Best Warrior Competition throws a SHARP curveball at Soldiers before events begin
June 23, 2014
JOINT BASE MCGUIRE-DIX-LAKEHURST, N.J. - "Immediately I was like, oh, oh, I want to intervene. I need to intervene right now. Then I was like, 'Can we stop this?'"
Those were the words and thoughts of Sgt. Juan Jackson, of Lakewood, Washington, as he watched a sergeant first class pat the rear end of another male Soldier several times. But it got worse. The sergeant first class didn't stop at touching.
"I'll help you pass, get you promoted. And if I help you, you can help me out," he said.
Fortunately, this was just a setup to see how Jackson and other competitors in this year's Army Reserve Best Warrior Competition might react to the scenario.
Moments before the event began, a cadre member warned the Warriors they were about to watch a scenario related to Sexual Harassment/Assault Response & Prevention, commonly known as SHARP in the Army community. SHARP is one of the top five priorities in the Army. Soldiers are required to train annually on the topic to recognize signs of harassment and sexual assault in the workforce and know what to do about it.
"There's a lot of incidents right now [in the Army] and I think it needs to be brought out ... These competitors that are here are supposed to be the best of the best, so it's a way of seeing how well they know how the SHARP process goes, and what actions they should take if it happens in their presence," said Sgt. 1st Class Andrew Gibson, of Pearl, Mississippi, who played the role of the harassing noncommissioned officer (NCO) in the scenario.
Gibson is the appointed harassment and assault victim's advocate for the 412th Theater Engineer Command (TEC).
Competitors arrived three at a time to watch the role-play, which lasted only a few minutes. As they watched, a senior NCO graded another Soldier performing his pushups while wearing a physical fitness uniform. At one point, the Soldier's butt came up too high in the air, making the pushup invalid.
"You're doing it wrong," said the sergeant first class. "Get your butt down," and he would smack him two or three times, clearly audible in the frozen room.
That's when Jackson tried to step in and stop it, but the instructors told him to let it play out. The level of discomfort was visible on every one of the competitors' faces.
"It was badness all over," said Jackson of the harassing behavior. Jackson is a corrections officer with the 493rd Military Police Company, and is representing the 416th TEC in this year's competition.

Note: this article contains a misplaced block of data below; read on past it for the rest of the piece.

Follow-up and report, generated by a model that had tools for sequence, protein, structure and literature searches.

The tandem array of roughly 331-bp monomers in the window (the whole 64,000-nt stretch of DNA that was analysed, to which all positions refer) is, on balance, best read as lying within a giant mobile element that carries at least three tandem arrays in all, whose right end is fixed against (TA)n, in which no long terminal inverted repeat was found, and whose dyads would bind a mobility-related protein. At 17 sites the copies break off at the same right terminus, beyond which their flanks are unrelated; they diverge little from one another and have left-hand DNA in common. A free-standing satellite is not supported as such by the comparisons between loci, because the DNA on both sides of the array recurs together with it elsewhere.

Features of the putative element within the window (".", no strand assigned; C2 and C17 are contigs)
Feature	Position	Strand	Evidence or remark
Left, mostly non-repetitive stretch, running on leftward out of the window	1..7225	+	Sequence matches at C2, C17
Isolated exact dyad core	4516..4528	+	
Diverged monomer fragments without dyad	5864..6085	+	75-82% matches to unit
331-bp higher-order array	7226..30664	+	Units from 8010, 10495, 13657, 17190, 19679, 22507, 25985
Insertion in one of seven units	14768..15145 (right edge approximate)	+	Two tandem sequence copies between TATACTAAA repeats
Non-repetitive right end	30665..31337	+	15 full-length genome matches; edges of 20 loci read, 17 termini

Finally, once the scenario ended, the Soldiers were divided and asked questions about what happened, and what they could have done to intervene. Each one answered, making the distinction between harassment and assault, a line that is often blurred when sexual contact is made. Then they answered the process of reporting an incident, the difference between a restricted or unrestricted report, and other steps they could take to protect fellow Soldiers from this behavior.
"I honestly had no idea it was going to happen. It was a shock," said Spc. Rahman Gholston, of Lakewood, Washington, an air defense battle management systems operator for the 301st Maneuver Enhancement Brigade, also representing the 416th TEC.
The event, in fact, was secretly known as "Mystery Event Zero." It was thrown into the mix right after the first briefing as a way to keep competitors on their toes. According to the competition schedule, most Soldiers thought events wouldn't start until the next morning. They were wrong.
The scenario was drawn up intentionally to involve two males to remind Soldiers that harassment doesn't have a narrow field.
"From my experience, male on male sexual assault is the least reported because we're in the Army, and it's all about [being] macho. Many men do not report it, so we're just trying to bring that to light," said Sgt. 1st Class Fredrick Conley, who played the role of the harassed Soldier and is the sexual assault response coordinator for the 412th TEC.
When the term "Best Warrior" is tossed around, it's easy to imagine Soldiers being tested on rifle marksmanship, physical fitness and board presentation. SHARP knowledge is often overlooked in the mix of what makes up a complete Soldier. If forgotten, however, harassment and assault can destroy a unit.
"We operate as a team," said Jackson. "The trust, the morale, it all goes to waste, and then the Soldier doesn't want to work. The relationship he has with his peers is violated."